Percutaneous Disc Removal and EMG/NCS Study

It feels good to share some of my worries.  The procedures are fascinating, as if happening to someone else!   

Here are the procedures I'll soon be having:
~A Percutaneous Disc Removal (minimally invasive technique).  Hopefully he won't have to remove too much.  From an MRI the doctor found a disc piece about the size of a marble pressing against a nerve.

~An  EMG/NCS nerve conduction test on my thighs.
~Possible MRI on my thighs.

The New York Hospital for Special Surgery is working on setting up a way to do these procedures on the same day.  It takes about 6 hours for me to drive to New York City so this would be a tremendous help.

Even though the procedures will be at the New York Hospital for Special Surgery (they handle sports injuries and use up to date techniques); I'm still a little nervous. 

A few years ago I had back pain and tried epidural injections.  It only helped a little but when I began taking Cymbalta the pain was completely gone.   

This time besides the excruciating pain I have a weakness in my legs. 
After an epidural injection there was a tremendous relief. I no longer need Oxycontin to control the pain. 

Because of the weakness in my legs I'm using a walker to prevent hurting myself in a fall.  
My legs only give out on me occasionally but it's enough to be a risk. I don't want to break a bone, especially a hip.  The fall could also cause more injury to my back.

I'm not supposed to drive, which is a terrible limit on my freedom. I live out in the country, no buses or local trains.  I can hire a cab but that's expensive. Otherwise I have to ask my wife to take me places. 

I hope this per-cutaneous disc removal will bring back the strength in my legs and prevent the pain from returning. 

Here are two videos that explain the details.  
Don't watch them if you're squeamish.

All this is only an inconvenience when compared with someone who has a serious problem like cancer or a stroke. I just thank God it's nothing really bad.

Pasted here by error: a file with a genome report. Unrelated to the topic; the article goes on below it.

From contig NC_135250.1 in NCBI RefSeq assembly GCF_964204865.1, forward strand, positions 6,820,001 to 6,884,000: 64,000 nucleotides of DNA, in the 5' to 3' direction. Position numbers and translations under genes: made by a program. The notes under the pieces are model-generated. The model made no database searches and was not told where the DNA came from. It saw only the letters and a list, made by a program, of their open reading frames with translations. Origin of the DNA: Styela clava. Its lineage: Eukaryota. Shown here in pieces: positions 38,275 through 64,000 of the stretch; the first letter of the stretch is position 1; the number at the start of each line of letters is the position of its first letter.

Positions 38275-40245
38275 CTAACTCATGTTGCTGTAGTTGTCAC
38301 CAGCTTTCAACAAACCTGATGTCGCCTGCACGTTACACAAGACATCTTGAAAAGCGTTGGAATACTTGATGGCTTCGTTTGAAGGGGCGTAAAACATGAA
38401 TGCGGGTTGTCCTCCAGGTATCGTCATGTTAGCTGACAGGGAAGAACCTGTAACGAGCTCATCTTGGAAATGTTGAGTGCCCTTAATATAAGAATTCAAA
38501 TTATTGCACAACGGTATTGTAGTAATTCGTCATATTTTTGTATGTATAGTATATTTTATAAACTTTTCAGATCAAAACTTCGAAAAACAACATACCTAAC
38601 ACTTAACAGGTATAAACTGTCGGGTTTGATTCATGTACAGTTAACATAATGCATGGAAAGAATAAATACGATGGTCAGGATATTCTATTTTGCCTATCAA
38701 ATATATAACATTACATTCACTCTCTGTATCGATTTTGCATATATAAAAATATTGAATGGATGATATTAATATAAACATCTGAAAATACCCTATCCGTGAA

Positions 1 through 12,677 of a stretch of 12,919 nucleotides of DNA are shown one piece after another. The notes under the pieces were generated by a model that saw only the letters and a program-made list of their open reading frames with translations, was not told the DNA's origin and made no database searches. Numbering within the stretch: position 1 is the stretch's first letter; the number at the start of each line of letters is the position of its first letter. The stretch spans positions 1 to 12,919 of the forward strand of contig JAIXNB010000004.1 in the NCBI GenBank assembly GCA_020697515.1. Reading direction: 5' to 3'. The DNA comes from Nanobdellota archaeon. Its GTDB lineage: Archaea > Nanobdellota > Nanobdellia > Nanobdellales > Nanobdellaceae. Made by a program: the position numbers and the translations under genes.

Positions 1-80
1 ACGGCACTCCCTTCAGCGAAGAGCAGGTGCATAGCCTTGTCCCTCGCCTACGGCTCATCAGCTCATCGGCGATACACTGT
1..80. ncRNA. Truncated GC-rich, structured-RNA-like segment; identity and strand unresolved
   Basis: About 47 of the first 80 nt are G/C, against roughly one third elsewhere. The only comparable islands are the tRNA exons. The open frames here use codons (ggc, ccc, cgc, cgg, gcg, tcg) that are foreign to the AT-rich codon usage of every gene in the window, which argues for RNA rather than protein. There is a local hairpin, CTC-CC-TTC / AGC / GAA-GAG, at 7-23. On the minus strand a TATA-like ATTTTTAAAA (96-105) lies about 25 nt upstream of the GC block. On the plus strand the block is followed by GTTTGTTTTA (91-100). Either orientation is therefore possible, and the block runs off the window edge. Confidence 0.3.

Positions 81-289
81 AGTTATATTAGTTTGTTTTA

1. Interesting videos, John. Hopefully all your tests and procedures go well. Both my good friend and my brother-in-law have had some form of back surgery recently... and in each case, they were very pleased with the outcome.

    1. I'm encouraged to hear this Rian. Some people recommend not to have back surgery. That it will make things worse. But can't stay the way that I am now without giving it a try.
      Thank you. I hope I won't have to wait too long to fit into the doctor's schedule. It will good not to worry..

  2. I wishing you all the very best John and I hope that everything settles down nicely afterwards too. It's not nice being in pain as it takes a great deal of energy out of you and can make you feel very depressed on the best of days. I'll have to use my other browser to take a look at the videos as I find things like this very interesting.

    1. Thank you for your kind wishes.
      I hope your health is improving and you're not in pain.
      Take care!

  3. Well, this sounds like you are in very good hands to me! Hey! Guess what, when I was watching the Mets/Braves game this weekend, you know how they show different ads on the wall behind the batter? Well, it showed the New York Hospital for Special Surgery and I said, HEY, that's where JOHN is! (And my husband thought I had lost my mind until I explained you were one of my blogging friends!) Take care!

  4. That's really something isn't it! Synchronicity in action!
    This reminds me of Carl Jung's belief that these coincidences are actually somehow related. The simultaneous occurrence of events that appear significantly related but have no discernible causal connection. "Synchronicity is an ever present reality for those who have eyes to see." Carl Jung
    I have to go tell my wife. She'll get a kick out of it.
    ~ John M


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